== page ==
Wednesday, October 21, 2009


Before I say anything, I need to stress the fact that I am broke! As in, I need money like a plant needs water. On Saturday, I understood what it means to be really broke. I was on my way to Lekki Phase 1 and somehow I made a big mistake of entering a public bus. Well, it wasn’t really a mistake in the true sense of it because I had a choice but somehow in being careful of my financial capability at that time, I decided to do what I had to do. I had an appointment for 12 noon and I ended up arriving at my appointment location at around 1.45pm. Reason: Traffic! It was at this point that I really understood what the recent roadwork around the Lekki roundabout had really caused. Bloggers who live in Lekki and its environs would definitely understand what I am talking about. There’s been a move lately to eliminate the popular Lekki roundabout and this action has indeed caused untold hardship for commuters all over the Lekki axis. It’s been an ordeal and the only option in order not to arrive late for appointments remains taking a motorbike (otherwise known as ‘okada’). The solution sounds pretty easy except for the fact that the exorbitant fares would nearly drive you nuts, especially if you happen to be a ‘little broke’ like I was on that day. I just couldn’t afford to pay N400 from Ajah to Lekki Phase 1 and so for N70, I had to endure the hardship of sitting in a stuffy bus for almost two hours for a journey that ordinarily shouldn’t have taken less than twenty minutes. Tragic!

This post should have been done over two weeks ago in celebration of Nigeria’s independence but I just couldn’t find the time but then the fact that we are still in October makes it just okay to write a post in commemoration of our beloved country’s 49th birthday. I attended a church service on 4th of October that was more or less an ‘independence celebration service’ judging by my pastor’s sermon and other activities that took place in church on that day. In the course of listening to my pastor’s message, I got a further confirmation that indeed Nigeria still has a bright future and the fact that most of us have lost faith in this country hardly helps matters. In his sermon, my pastor explained that Nigeria has indeed got a wonderful future and a simple equation is all the country needs to get on the right track. The much publicized re-branding slogan should be analyzed first. Nigeria as a country in the effort to re-brand its bastardized image touts the new logo: Nigeria; Good People, Great Nation! Indeed! Our beloved country, instead of being congratulated and cheered by the international community has over the past months been ridiculed and attacked by the same international community with strong condemnation of our ‘re-branding exercise’ being an exercise in futility, and unfortunately, I agree with this judgment. Nigeria as a nation needs a total overhaul of its economy and not a foolish re-branding exercise. The so-called re-branding is like ‘wearing new clothes for a child who’s not had a bath in years’. Why not bath the kid first and then put some new clothes on him. My conclusion is Nigeria needs total deliverance.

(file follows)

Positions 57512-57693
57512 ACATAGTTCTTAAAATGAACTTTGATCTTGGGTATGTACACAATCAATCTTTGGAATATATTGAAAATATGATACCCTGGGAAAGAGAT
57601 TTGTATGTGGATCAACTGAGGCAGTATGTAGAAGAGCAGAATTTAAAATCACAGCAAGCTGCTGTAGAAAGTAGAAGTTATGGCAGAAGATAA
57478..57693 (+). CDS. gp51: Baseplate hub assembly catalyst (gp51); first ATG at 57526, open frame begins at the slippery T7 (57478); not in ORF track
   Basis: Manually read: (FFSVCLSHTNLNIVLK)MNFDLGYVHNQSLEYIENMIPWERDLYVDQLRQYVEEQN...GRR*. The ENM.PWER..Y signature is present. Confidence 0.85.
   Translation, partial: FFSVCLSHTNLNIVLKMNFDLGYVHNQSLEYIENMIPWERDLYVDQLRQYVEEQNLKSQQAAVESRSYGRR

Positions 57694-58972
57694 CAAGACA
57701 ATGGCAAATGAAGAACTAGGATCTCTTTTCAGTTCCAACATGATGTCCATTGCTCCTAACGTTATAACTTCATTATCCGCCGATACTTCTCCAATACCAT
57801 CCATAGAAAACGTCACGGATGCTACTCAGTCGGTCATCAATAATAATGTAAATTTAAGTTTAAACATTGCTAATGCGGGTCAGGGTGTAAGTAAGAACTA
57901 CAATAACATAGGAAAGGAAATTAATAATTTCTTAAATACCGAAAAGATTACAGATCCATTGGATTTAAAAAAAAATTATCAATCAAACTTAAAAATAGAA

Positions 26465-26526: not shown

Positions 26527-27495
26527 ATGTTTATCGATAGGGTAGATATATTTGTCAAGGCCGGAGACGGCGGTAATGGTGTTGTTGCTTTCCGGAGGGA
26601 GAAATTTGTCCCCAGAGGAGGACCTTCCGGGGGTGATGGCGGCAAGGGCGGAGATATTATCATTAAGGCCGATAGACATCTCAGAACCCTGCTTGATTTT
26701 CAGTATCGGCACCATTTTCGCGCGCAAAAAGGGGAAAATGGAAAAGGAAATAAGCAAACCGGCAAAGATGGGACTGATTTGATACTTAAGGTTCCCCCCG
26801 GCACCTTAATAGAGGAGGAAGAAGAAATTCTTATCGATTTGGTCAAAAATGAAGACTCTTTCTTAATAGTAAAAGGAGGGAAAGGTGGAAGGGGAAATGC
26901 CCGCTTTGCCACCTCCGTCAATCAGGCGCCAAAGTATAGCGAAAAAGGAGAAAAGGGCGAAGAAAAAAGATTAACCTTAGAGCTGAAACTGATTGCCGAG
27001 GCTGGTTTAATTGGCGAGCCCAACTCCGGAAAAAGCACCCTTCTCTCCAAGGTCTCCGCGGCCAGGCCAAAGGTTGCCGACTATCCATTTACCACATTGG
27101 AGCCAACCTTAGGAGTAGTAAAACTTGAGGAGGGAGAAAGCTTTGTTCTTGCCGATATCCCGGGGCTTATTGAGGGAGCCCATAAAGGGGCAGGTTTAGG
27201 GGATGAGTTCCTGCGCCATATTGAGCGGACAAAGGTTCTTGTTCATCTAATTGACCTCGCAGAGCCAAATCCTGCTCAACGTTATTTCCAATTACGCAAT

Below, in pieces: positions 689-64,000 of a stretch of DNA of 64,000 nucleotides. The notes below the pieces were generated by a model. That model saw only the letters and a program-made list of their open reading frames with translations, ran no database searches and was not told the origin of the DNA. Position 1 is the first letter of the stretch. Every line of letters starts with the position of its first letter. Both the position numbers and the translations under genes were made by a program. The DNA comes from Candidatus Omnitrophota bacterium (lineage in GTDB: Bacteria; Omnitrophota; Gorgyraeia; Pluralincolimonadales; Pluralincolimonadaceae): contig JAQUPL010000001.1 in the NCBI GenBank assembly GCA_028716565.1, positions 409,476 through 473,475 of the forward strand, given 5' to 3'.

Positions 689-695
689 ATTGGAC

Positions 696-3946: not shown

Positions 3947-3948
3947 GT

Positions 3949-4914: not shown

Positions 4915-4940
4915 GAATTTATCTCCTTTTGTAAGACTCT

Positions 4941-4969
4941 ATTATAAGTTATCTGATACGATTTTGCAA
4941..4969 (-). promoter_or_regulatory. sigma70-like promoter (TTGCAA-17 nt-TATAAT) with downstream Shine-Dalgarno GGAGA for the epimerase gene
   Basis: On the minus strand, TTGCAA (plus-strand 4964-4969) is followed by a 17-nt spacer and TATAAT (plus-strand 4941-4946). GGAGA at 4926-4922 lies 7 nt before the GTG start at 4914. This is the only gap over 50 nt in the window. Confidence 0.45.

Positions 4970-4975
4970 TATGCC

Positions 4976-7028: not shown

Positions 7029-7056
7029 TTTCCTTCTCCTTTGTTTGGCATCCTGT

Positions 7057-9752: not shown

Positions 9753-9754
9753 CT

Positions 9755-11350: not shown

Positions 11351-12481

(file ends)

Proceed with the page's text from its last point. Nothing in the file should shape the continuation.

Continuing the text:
In his sermon, my pastor explained that the ‘Nigeria; Good People, Great Nation’ catchphrase is an obvious farce at best because no nation can become truly great without the correct leadership. The future of the nation rests largely on the leadership since those in control of the country in a strong way determine what happens in the country. It is pretty easy to conclude that our lives and future as a nation are in the hands of these leaders and their actions go a long way in determining how far our nation would go and our rating in the sphere of things globally. Rather than pose with the unrealistic logo, it is best revised as: ‘Nigeria; Good People, Great Leadership, Great Nation’ for it is only when good people have the right leadership that a great nation could truly emerge. We need to have leaders who truly care about the affairs of the nation and not just themselves and their families. It is common practice in Nigeria today to rejoice whenever a close relative or someone you happen to know gets to a position of power politically. You find Nigerians with relatives who are local government chairmen, commissioners, governors or even local government councilors among other political positions thanking God continually and making statements like “Thank God o! It’s our time to enjoy!” Even devout Christians and Muslims who claim they are not corrupt make these same statements unconsciously. I now find myself wondering what these people mean when they decide it’s time to enjoy. Literarily, this means that your relative who gets to a position of power is there basically to serve JUST YOU and meet ONLY YOUR needs. If he does anything contrary, you begin to heap curses on him and claim ‘he has bitten the fingers that fed him’ especially if you happen to have done one little favour or more for him in the past. How pathetic? How would he meet your extraordinary needs without dipping his fingers into public money? How would your relative or friend perform his sworn responsibilities to the country when he has to think of what you and the rest of his siblings, family members and friends are asking him for?